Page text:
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Sharing your bed with a toddler

27 May

I seriously don’t understand how people co-sleep.


How giving birth was secondary to the real issue. (part two)

19 Oct

(fair warning, there is gross medical detail ahead)

I remember waking up. Sort of. I remember waking up to someone trying to put an IV into my foot. I tried to see what time it was, it was either 8 or 10. I passed out again.

The next time I woke up, I was told I was being wheeled to the ICU, shocked, I asked why. “For observation” I was angry, I thought they were overreacting.

A nurse said, “You’re never wearing a bikini again!” The incision was from pubic bone to belly button. I asked if the baby was ok. “Oh, yeah, baby’s fine!” Good. At some point Horrible came along and said, “she’s got your hands and feet!” DAMNIT IS SHE OKAY?! WHAT THE HELL HAPPENED?!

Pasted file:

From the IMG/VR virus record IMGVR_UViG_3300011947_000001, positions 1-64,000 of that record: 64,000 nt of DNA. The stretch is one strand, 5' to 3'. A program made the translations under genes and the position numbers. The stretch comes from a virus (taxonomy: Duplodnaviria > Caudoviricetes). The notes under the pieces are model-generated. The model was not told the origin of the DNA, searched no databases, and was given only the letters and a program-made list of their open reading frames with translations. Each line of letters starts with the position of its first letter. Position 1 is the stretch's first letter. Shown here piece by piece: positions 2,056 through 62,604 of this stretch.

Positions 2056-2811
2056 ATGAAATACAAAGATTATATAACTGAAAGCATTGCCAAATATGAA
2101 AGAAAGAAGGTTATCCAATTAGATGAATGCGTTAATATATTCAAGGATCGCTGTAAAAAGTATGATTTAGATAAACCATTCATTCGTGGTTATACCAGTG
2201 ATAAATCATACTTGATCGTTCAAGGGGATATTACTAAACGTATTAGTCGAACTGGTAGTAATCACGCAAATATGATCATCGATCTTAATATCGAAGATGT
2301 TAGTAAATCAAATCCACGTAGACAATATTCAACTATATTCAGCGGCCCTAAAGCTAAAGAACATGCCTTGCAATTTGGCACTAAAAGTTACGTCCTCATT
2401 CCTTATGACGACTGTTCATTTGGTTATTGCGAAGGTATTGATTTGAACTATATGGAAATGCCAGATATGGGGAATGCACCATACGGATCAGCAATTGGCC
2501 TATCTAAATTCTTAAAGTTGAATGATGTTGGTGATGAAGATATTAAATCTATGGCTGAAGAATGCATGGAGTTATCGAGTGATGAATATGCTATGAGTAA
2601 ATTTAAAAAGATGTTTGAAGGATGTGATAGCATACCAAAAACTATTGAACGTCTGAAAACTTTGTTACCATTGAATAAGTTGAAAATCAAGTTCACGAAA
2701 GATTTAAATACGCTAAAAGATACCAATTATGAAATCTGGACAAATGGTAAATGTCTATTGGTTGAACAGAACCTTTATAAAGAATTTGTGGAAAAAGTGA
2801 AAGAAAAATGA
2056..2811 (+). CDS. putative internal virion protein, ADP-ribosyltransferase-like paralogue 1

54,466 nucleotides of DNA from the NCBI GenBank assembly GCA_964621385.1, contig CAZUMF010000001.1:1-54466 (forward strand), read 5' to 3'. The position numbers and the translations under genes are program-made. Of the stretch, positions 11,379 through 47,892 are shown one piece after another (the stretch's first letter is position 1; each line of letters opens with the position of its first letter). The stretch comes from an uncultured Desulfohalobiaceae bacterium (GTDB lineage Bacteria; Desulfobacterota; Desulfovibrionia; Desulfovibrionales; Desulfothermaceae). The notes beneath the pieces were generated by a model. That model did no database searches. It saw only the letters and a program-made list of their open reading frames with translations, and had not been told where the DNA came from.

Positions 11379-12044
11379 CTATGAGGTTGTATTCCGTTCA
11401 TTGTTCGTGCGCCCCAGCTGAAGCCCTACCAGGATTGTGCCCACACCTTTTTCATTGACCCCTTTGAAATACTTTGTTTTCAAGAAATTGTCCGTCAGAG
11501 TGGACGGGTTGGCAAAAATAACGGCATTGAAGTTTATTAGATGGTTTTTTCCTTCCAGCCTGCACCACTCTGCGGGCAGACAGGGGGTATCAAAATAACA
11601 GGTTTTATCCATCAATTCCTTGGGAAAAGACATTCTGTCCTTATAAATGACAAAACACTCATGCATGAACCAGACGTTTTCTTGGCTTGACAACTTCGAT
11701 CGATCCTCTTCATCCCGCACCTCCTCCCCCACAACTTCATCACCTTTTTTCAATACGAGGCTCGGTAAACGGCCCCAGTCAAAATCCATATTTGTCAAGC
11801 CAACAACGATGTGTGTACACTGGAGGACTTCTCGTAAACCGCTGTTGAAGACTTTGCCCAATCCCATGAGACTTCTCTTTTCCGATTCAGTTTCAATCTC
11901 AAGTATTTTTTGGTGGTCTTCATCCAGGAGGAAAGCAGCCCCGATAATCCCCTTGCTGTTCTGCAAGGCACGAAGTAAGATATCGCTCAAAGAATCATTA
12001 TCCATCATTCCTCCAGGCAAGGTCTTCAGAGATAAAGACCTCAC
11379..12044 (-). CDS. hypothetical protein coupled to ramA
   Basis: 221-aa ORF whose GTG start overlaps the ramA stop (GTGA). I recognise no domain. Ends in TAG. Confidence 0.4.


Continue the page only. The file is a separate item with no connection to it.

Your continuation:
Princess Petit Four. Born 10/19/09, 5:34pm. 6lbs, 2oz. She was sent up to the NICU and was put on precautionary antibiotics. She caught none of my sepsis, thank God.

As for what happened, I only know what I was told. My surgeon hung out for the c-section part, though he didn’t need to be there, yet. He doesn’t get to see babies born that often. He told me later that when they cut into me, my uterus was basically floating in a sea of puss. My bowel had ruptured in a bad, bad way. He said once you got the uterus out of the way, it looked like a grenade had gone off. Petit Four was born with an APGAR of 2, and then 8. When she came out, she was knocked out by the anesthesia as well, she didn’t breathe on her own for 4 minutes. They got her to the isolette, gave her oxygen, reversed the effects of the narcotics, and wheeled her up for the NICU to take care of and Horrible got to see her fairly soon after.  Thank God, she was ok.